After years of restoration works at the former 'wasteland' Nature Seychelles has now added another feather on her cap. The former 'wasteland' is now The Sanctuary at Roche Caiman. A wetland of international repute.

[ROCHE CAIMAN 20/05/2008] Amidst pomp, colour and glamour, the much awaited launching of the Sanctuary at Roche Caiman was unveiled in style in mid April. The inauguration of the site to the public which was presided over by Environment minister Joel Morgan among other dignitaries marked the end of a long chapter of restoration works and the beginning of a new chapter for the wetland and the entire environmental field in Seychelles. Since its launch the Sanctuary has become a popular destination spot.

Unknown to many however is that the Sanctuary at Roche Caiman, is a showcase of international partnerships benefiting local people. This facet was revealed by both Minister Morgan and the CEO of Nature Seychelles Nirmal Shah in their speeches during the opening.

The Sanctuary at Roche Caiman is indeed a tale full of anecdotes, with earthmovers sinking, fences being stolen and peccadillo misadventures. However the sterling commitment and intense international lobbying by Nature Seychelles CEO Nirmal Shah and Projects Coordinator Kerstin Henri are the result as to why the former wasteland has today become a real stunning wetland with complete adherence to world standards.

As he launched the wetland Minister Morgan remarked:

“Today we can see that our expectations have all been fulfilled. From a wasteland into a real wetland. The trust that the government had in Nature Seychelles has not been broken. With its collaboration with my ministry, the local community and its international partners Nature Seychelles has made this sanctuary into what it is today. It is a haven for resident and migrating birds including rare sightings.”

The minister didn’t stop there. He went on to pay glowing tribute to Nature Seychelles for harnessing international support for local benefit:

“This wetland fruition is testimony of the government’s real efforts in partnering with civil society. We are very keen to involve NGOs and others in environmental protection and sustainable development in general. But we need serious partners – partners like Nature Seychelles who are willing to mobilize resources, pull out all stops and roll out results for the benefit of all Seychellois.”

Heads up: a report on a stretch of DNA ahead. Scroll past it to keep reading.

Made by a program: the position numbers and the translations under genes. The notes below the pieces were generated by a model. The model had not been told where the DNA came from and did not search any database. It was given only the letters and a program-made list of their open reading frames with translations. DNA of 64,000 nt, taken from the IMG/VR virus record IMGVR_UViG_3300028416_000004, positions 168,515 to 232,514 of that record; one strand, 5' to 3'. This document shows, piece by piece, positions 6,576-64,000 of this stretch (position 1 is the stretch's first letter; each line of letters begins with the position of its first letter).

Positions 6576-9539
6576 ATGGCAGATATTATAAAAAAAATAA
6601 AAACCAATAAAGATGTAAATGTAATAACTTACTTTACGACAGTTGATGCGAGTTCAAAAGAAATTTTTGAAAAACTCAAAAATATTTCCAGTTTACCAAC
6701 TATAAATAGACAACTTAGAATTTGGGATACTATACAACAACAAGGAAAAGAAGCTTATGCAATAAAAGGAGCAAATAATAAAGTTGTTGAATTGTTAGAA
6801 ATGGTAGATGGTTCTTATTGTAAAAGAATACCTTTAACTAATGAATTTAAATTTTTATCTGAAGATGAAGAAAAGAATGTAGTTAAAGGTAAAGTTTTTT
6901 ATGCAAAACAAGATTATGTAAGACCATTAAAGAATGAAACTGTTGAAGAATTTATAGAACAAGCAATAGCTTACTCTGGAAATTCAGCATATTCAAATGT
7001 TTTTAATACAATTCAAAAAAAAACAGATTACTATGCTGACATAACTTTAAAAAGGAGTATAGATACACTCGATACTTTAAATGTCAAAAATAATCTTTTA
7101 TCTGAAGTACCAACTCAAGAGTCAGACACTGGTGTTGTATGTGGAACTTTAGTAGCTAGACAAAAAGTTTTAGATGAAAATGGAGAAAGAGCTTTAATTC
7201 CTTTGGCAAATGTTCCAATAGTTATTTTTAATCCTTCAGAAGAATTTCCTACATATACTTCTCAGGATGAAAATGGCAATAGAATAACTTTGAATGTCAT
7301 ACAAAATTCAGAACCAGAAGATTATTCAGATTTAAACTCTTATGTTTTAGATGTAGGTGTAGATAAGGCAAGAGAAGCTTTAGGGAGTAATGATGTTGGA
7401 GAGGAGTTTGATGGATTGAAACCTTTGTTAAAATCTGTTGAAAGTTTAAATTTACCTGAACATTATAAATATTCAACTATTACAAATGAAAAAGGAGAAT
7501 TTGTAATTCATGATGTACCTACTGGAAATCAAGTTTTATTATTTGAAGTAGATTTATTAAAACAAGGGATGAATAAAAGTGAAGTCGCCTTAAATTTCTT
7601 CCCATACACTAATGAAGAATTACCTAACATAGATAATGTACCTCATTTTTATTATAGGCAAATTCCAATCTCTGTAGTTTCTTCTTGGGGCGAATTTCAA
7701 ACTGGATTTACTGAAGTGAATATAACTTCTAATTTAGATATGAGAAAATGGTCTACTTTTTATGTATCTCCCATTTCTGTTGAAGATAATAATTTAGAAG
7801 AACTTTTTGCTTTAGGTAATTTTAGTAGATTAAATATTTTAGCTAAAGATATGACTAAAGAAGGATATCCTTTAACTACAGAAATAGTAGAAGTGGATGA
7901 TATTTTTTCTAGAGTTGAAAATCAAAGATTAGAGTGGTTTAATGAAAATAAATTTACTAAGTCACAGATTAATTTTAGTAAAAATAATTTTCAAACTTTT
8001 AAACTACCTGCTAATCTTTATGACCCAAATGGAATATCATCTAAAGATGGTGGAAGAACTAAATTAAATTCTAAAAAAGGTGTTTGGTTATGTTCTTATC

The sheer amount of international support and crossSeychelles Environment Minister Joel Morgan officially inaugurating the Sanctuary at Roche Caiman border appeals that Nature Seychelles managed to convince to join in the project did not come easy.

“The wetland is very important to both the Seychellois and the international community and there was no way we were going to let them down. We had to see this sanctuary becoming a success. It was difficult to convince donors to partner with us but we never gave up. The noble ideals of conservation required that we lobby intensely across the globe to secure support for the wetland.” Kerstin Henri reveals.

The Sanctuary at Roche Caiman is now fully restored and is ready to provide a convenient, close-to-town environmental resource for the people of Victoria and visiting nature enthusiasts.

“Seychelles is part and parcel of the world community of nations. As such we had to burn the midnight oil to ensure we secure international support for the Wetland. It wasn’t easy and I can remember the long lonely nights we struggled to put proposals together and severe negotiations to bring international donors on board. Last Saturday proved that we marshalled world support for local benefit.” Mr Shah recalls.

Later in an interview with both the leading US TV network, National Broadcasting Corporation (NBC) and the Seychelles Broadcasting Corporation (SBC) Mr Shah remarked: “Today, under extensive restoration by Nature Seychelles, the sanctuary has been turned to an important outdoor classroom for school groups, a resource centre for Wildlife Clubs activities as well as an attractive site for tourists and other visitors. It offers an opportunity for exciting discoveries and provides its visitors with first hand experiences of living things in a wetland. Environmental learning is fun and that’s what we are advocating. Another reason for ‘Pour lan mour Sesel’.[ENDS]

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